b) priority - eg. PATH for hierarchical. Choose the branch that is "closest" to the guy doing the merge.
---+ Contours? Who needs Contours?
---+ SVN / Perforce Style branches
VCSes are all about uniqifying different objects with the same name! For that matter, so are hierarchical directory structures.SVN and Perforce subsume the former in the latter: branches are really just trees in the hierarchical directory structure.
...Pros/cons. Workspaces assembled from multiple branches. Where does the branch level live? "Floating"
---+ Git Branch Descriptions are not first class
---+ [StackOverflow 2009]
A single git repository can track an arbitrary number of branches, but your working tree (if you have any) is associated with just one of them (the "current" or "checked out" branch).
GLEW COMMENT: I have often wanted to create working trees which are composed of several branches. Yeah, yeah - you can simulate this by merges - but I want to make it convenient.
E.g. say that a particular configuration = mainline of most code, but the FOO branch of some library libFoo. Yes, this is almost equivalent to saying that the this configuration is really all the FOO branch - but it provides more information, in saying that "Yes, the configuration is FOO specific, but in general we expect only the libFoo library to be different with FOO."
My thoughts on partial checkins and checkouts often involve this. More, partial repositories. Referencing tools and repos that have separate version ciontrol systems. libXXX may be checked into its own repo in isolation as that repo's mainline. But from the point of view of some other tool that uses XXX, say T,, libXXX's mainline is not T's mainline. Yet(?). A partial checkin of libXXX amounts to creating a CANDIDATE for T's mainline. Once the candidate is tested, it becomes T's mainline, assuming tests pass. But if tests fail, T's version of libXXX may lag, or may fork and diverge from libXXX's mainline.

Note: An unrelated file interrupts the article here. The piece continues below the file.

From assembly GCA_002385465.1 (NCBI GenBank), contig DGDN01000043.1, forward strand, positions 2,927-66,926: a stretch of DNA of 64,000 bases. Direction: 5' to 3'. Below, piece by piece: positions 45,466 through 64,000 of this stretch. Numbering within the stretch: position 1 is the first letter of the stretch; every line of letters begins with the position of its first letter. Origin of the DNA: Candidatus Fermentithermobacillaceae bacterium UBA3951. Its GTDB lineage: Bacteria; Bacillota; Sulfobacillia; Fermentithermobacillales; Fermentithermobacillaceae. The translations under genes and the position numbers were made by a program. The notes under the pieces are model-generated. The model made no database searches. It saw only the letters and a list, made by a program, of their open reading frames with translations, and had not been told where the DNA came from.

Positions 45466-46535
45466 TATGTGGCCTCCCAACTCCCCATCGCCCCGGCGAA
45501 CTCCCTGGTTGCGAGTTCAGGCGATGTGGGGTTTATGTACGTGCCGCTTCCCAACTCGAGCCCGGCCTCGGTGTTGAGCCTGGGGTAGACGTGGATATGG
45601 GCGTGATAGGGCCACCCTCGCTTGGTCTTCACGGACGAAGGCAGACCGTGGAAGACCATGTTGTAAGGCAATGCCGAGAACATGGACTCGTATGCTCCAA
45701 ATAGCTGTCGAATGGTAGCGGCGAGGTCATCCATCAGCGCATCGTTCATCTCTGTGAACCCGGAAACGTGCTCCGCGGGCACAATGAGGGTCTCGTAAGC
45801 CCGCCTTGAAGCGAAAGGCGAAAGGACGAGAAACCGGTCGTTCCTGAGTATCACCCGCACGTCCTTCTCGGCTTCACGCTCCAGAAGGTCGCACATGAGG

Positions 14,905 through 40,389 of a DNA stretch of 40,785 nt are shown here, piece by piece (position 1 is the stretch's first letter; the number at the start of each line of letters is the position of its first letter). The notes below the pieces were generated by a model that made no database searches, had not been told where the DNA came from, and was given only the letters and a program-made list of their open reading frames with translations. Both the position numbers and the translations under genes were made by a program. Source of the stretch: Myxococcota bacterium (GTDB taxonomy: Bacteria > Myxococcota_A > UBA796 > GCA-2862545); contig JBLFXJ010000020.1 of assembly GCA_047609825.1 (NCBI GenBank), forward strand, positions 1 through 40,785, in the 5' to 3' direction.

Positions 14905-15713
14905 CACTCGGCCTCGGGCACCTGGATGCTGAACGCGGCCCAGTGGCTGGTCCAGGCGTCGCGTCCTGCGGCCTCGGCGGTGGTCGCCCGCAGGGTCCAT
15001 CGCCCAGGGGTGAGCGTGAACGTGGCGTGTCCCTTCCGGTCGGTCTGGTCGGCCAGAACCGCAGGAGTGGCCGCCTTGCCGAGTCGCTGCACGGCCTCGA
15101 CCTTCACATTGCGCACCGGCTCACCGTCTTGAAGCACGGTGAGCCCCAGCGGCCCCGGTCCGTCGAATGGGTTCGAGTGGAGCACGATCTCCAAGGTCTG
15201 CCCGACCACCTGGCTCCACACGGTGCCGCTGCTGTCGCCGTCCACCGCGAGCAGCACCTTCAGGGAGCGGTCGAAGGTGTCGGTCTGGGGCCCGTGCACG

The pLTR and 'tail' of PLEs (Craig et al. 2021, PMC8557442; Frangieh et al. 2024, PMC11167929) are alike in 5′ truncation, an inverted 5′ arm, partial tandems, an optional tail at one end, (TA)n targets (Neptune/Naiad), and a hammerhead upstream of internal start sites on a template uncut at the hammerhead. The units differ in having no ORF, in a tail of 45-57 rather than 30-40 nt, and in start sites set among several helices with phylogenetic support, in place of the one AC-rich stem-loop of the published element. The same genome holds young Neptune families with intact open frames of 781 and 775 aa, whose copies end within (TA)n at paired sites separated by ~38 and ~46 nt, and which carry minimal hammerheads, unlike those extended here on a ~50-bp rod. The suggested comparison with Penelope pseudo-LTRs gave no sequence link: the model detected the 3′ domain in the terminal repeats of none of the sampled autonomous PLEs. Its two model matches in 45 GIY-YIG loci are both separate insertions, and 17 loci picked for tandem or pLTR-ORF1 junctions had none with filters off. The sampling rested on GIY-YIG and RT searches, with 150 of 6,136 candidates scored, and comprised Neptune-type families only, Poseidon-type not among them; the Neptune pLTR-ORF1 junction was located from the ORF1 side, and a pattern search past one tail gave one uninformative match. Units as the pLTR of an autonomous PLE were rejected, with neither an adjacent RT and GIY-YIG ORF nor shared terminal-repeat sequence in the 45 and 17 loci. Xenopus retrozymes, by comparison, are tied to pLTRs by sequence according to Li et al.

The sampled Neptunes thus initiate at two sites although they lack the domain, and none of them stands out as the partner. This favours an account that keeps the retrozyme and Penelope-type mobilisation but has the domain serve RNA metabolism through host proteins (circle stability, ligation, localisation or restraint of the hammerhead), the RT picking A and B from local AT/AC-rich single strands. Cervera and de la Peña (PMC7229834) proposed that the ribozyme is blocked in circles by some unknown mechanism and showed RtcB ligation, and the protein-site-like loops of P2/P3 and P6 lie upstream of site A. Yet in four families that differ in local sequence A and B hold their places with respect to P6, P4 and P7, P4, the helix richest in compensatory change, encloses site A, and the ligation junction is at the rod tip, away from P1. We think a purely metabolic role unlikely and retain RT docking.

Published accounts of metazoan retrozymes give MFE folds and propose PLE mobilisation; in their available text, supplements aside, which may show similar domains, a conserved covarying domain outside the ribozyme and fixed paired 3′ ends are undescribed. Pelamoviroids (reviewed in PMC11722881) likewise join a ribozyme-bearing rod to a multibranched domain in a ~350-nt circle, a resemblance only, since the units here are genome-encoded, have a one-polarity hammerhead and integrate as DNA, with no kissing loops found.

This notion of "candidate" maps well to Git's model. Such a candidate is just a HEAD. Once tested, the candidate label may go away, and no longer clutter our listings of branches and tags and other named references.
---+ [Contreras 2011] and [Contreras 2012]
[Contreras 2011] and [Contreras 2012] provided good comparisons of the Git and Mercurial branching mechanisms,. But Contreras is fairly rabid about git, and makes many statements of the form "Which would anyone ever need to do it in that way? There's a different way to do it in git. Or, you should not need to do it - I never have." That sort of statement pisses me off, even when I agree with it.
[Contreras 2011] Reacting to Google’s analysis comparing Hg with Git, that says that History is Sacred.